And there is this.
This week, 14-year-old Lucas Etter set a new world record for solving the classic Rubik’s cube in Clarksville, Maryland, in the US, solving the scrambled cube in an astonishing 4.904 seconds.
Well! Have you ever tried to solve it? I have and it turned out to be a no starter. I am not going to let that stop me. If a 14 year old can solve it, why not me.
Well I got this post from Spark On It! How to solve it in 5 minutes. Time to get down to business.
From Spark On It!
The maximum number of face turns needed to solve the classic Rubik’s cube, one that is segmented into squares laid out 3×3 on each face, is 20, and the maximum number of quarter turns is 26. It took 30 years to discover these numbers, which were finally proved by Tomas Rokicki and Morley Davidson using a mixture of mathematics and computer calculation. The puzzle does have 43,252,003,274,489,856,000 (43 times 1018, or 43 quintillion) possible configurations after all.
So how do the likes of Lucas Etter work out how to solve Rubik’s cube so quickly? They could read instructions, but that rather spoils the fun. If you want to work out how to do it yourself, you need to develop cube-solving tools. In this sense, a tool is a short sequence of turns which results in only a few of the individual squares on the cube’s faces changing position. When you have discovered and memorised enough tools, you can execute them one after the other in order as required to return the cube to its pristine, solved condition.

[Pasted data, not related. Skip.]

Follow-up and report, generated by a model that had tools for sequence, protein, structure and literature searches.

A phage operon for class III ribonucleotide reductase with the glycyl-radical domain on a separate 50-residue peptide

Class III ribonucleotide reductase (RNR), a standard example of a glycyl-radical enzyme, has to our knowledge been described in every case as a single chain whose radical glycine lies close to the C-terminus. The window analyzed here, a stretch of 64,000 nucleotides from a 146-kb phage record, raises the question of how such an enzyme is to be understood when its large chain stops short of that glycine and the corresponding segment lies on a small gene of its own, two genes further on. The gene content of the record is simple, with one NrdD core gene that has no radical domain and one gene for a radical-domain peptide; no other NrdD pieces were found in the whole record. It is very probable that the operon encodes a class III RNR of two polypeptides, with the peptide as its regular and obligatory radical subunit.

These tools require experimentation to discover. Here’s how I did it myself: go on holiday with a Rubik’s cube and a screwdriver. Do experiments to find tools. The trouble is that most experiments just scramble the cube horribly and you forget what you did so you cannot undo your moves.
Go and find out how you can solve the cube puzzle!